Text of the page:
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Archive for the ‘Cell Medicine’ Category

Eli and Edythe Broad Center of Regeneration Medicine and …

Welcome to the Eli and Edythe Broad Center of Regeneration Medicine and Stem Cell Research at UCSF, one of the largest and most comprehensive programs of its kind in the United States.

In some 125 labs, scientists are carrying out studies, in cell culture and animals, aimed at understanding and developing treatment strategies for such conditions as heart disease, diabetes, epilepsy, multiple sclerosis, Parkinsons disease, Lou Gehrigs disease, spinal cord injury and cancer.

While the scientific foundation for the field is still being laid, UCSF scientists are beginning to move their work toward human clinical trials. A team of pediatric specialists and neurosurgeons is carrying out the second brain stem cell clinical trial ever conducted in the United States, focusing on a rare disease, inherited in boys, known as Pelizaeus-Merzbacher disease.

Others are working to develop strategies for treating diabetes, brain tumors, liver disease and epilepsy. The approach for treating epilepsy potentially also could be used to treat Parkinsons disease, as well as the pain and spasticity that follow brain and spinal cord injury.

The center is structured along seven research pipelines aimed at driving discoveries from the lab bench to the patient. Each pipeline focuses on a different organ system, including the blood, pancreas, liver, heart, reproductive organs, nervous system, musculoskeletal tissues and skin. And each of these pipelines is overseen by two leaders of international standing one representing the basic sciences and one representing clinical research. This approach has proven successful in the private sector for driving the development of new therapies.

The center, like all of UCSF, fosters a highly collaborative culture, encouraging a cross-pollination of ideas among scientists of different disciplines and years of experience. Researchers studying pancreatic beta cells damaged in diabetes collaborate with those who study nervous system diseases because stem cells undergo similar molecular signaling on the way to becoming both cell types. The opportunity to work in this culture has drawn some of the countrys premier young scientists to the center.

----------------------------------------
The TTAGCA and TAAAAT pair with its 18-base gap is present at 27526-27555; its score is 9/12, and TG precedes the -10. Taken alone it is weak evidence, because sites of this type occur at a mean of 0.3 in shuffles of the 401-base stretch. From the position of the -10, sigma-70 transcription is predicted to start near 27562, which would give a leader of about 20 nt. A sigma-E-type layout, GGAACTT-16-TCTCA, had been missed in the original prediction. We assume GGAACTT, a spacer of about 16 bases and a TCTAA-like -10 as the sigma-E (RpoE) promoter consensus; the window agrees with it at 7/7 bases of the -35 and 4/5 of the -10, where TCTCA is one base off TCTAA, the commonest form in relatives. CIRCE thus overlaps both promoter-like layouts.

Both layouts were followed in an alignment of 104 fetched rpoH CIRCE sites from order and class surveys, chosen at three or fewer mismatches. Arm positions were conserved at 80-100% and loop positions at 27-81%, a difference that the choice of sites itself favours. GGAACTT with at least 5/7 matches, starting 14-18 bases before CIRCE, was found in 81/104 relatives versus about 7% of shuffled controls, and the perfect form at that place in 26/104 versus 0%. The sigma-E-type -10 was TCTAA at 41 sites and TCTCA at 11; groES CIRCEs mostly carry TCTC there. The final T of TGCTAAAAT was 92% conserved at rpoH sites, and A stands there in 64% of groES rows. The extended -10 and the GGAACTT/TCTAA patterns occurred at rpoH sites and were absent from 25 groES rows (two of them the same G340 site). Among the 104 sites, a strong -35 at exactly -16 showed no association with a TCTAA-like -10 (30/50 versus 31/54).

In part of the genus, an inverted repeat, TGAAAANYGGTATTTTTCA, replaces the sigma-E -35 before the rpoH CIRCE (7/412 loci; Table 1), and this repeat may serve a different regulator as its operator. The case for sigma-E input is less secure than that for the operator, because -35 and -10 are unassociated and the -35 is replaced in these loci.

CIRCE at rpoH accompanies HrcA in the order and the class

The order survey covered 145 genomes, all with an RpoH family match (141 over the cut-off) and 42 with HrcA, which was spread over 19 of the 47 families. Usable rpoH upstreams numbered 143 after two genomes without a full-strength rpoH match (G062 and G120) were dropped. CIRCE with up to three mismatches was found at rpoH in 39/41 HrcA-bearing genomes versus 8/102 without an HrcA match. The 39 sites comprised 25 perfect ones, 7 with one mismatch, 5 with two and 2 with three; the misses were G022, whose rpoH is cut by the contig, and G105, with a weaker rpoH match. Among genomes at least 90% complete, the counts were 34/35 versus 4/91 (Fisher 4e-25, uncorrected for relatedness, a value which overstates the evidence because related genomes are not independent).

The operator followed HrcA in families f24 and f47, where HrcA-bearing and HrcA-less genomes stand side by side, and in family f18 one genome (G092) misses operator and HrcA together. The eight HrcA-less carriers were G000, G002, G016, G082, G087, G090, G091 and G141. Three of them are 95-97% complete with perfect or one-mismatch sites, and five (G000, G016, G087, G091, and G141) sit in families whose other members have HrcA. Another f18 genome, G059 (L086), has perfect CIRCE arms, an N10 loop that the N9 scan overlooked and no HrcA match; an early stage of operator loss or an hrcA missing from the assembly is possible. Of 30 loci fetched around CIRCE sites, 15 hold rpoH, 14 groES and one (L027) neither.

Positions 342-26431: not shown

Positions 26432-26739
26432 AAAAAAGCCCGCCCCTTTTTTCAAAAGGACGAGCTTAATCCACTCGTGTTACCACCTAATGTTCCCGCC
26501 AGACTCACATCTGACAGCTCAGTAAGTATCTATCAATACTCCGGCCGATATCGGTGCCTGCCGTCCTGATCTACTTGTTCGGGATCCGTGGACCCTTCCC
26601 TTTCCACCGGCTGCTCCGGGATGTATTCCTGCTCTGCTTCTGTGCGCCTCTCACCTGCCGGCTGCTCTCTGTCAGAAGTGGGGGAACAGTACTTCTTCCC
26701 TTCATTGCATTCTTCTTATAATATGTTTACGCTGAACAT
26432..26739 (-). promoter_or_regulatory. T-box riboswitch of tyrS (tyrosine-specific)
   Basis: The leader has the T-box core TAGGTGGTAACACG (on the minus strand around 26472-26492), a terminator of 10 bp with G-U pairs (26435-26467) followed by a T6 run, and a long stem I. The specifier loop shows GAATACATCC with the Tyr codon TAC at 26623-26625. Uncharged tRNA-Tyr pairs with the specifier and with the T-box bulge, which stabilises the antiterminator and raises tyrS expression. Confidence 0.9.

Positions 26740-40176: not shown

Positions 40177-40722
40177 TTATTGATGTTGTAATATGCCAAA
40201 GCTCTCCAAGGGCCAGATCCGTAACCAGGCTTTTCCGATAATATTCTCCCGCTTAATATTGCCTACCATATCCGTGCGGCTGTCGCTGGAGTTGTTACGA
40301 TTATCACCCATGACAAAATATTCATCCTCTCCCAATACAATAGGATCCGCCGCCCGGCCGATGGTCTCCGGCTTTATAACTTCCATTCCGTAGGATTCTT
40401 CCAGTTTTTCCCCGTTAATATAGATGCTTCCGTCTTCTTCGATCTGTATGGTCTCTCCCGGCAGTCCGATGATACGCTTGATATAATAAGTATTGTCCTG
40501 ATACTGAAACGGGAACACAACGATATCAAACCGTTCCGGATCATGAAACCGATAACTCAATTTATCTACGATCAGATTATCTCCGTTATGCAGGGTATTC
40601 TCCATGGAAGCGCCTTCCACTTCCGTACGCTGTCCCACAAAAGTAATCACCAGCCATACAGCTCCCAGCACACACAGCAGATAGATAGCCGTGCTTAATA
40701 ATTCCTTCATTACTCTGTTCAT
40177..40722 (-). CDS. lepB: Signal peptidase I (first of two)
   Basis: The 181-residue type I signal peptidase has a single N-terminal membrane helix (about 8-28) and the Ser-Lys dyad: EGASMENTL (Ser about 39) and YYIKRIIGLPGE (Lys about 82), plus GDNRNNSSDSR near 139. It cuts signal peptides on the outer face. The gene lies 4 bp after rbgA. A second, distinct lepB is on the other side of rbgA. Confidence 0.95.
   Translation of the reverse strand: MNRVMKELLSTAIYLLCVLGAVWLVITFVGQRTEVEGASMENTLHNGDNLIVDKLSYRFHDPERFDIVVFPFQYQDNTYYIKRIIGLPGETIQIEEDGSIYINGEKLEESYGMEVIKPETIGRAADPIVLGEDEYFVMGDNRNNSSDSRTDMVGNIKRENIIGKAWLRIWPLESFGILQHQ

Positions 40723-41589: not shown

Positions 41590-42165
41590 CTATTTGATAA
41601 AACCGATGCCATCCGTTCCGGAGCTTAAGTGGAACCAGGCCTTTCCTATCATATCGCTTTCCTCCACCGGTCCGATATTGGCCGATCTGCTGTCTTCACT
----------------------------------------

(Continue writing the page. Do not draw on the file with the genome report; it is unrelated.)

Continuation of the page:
While the focus of the science is the future, UCSFs history in the field dates back to 1981, when Gail Martin, PhD, co-discovered embryonic stem cells in mice and coined the term embryonic stem cell. Two decades later, UCSFs Roger Pedersen, PhD, developed two of the first human embryonic stem cell lines, following the groundbreaking discovery by University of Wisconsins James Thomson, PhD, of a way to derive the cells.

Today, the Universitys faculty includes Shinya Yamanaka, MD, PhD, of the UCSF-affiliated J. David Gladstone Institutes and Kyoto University. His discovery in 2006 of a way to reprogram ordinary skin cells back to an embryonic-like state has given hope that someday these cells might be used in regenerative medicine.

Yamanakas seminal finding highlights the unexpected and dramatic discoveries that can characterize scientific research. In labs throughout UCSF and beyond, the goal is to move such findings into patients.

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Eli and Edythe Broad Center of Regeneration Medicine and ...

Molecular & Cellular Medicine

Home Molecular & Cellular Medicine Menu

Research in the Molecular and Cellular Medicine department spans a wide range of biological processes, from structure and function of biomolecules to cell physiology. Emphasis is placed on understanding normal and abnormal biological function at the molecular and cellular levels. Using state-of-the-art biophysical technologies, research programs at the molecular level focus on understanding how proteins are synthesized, folded, assembled into functional macromolecules and trafficked throughout the cell. Reverse genetic approaches are used to elucidate the roles of newly discovered proteins and define functional protein domains. Research programs that bridge molecular and cellular levels focus on understanding mechanisms of basic cellular physiology (DNA replication, transcription, translation and protein sorting), molecules that control complex regulatory pathways (signal transduction, gene regulation, epigenetics, development and differentiation) and the molecular basis for cancer. Many faculty members have strong collaborative ties with Texas A&M University research groups in the Chemistry and Biochemistry/Biophysics departments or belong to multi-disciplinary research groups affiliated with Texas A&M University, including programs in Genetics, Neurosciences and Virology.

440 Reynolds Medical Building College Station, TX 77843-1114 Phone: (979) 436-0856 Fax: (979) 847-9481 Toll Free: (800) 298-2260 (U.S. only)

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Molecular & Cellular Medicine

Sickle cell anemia Treatments and drugs – Mayo Clinic

Bone marrow transplant offers the only potential cure for sickle cell anemia. But finding a donor is difficult and the procedure has serious risks associated with it, including death.

As a result, treatment for sickle cell anemia is usually aimed at avoiding crises, relieving symptoms and preventing complications. If you have sickle cell anemia, you'll need to make regular visits to your doctor to check your red blood cell count and monitor your health. Treatments may include medications to reduce pain and prevent complications, blood transfusions and supplemental oxygen, as well as a bone marrow transplant.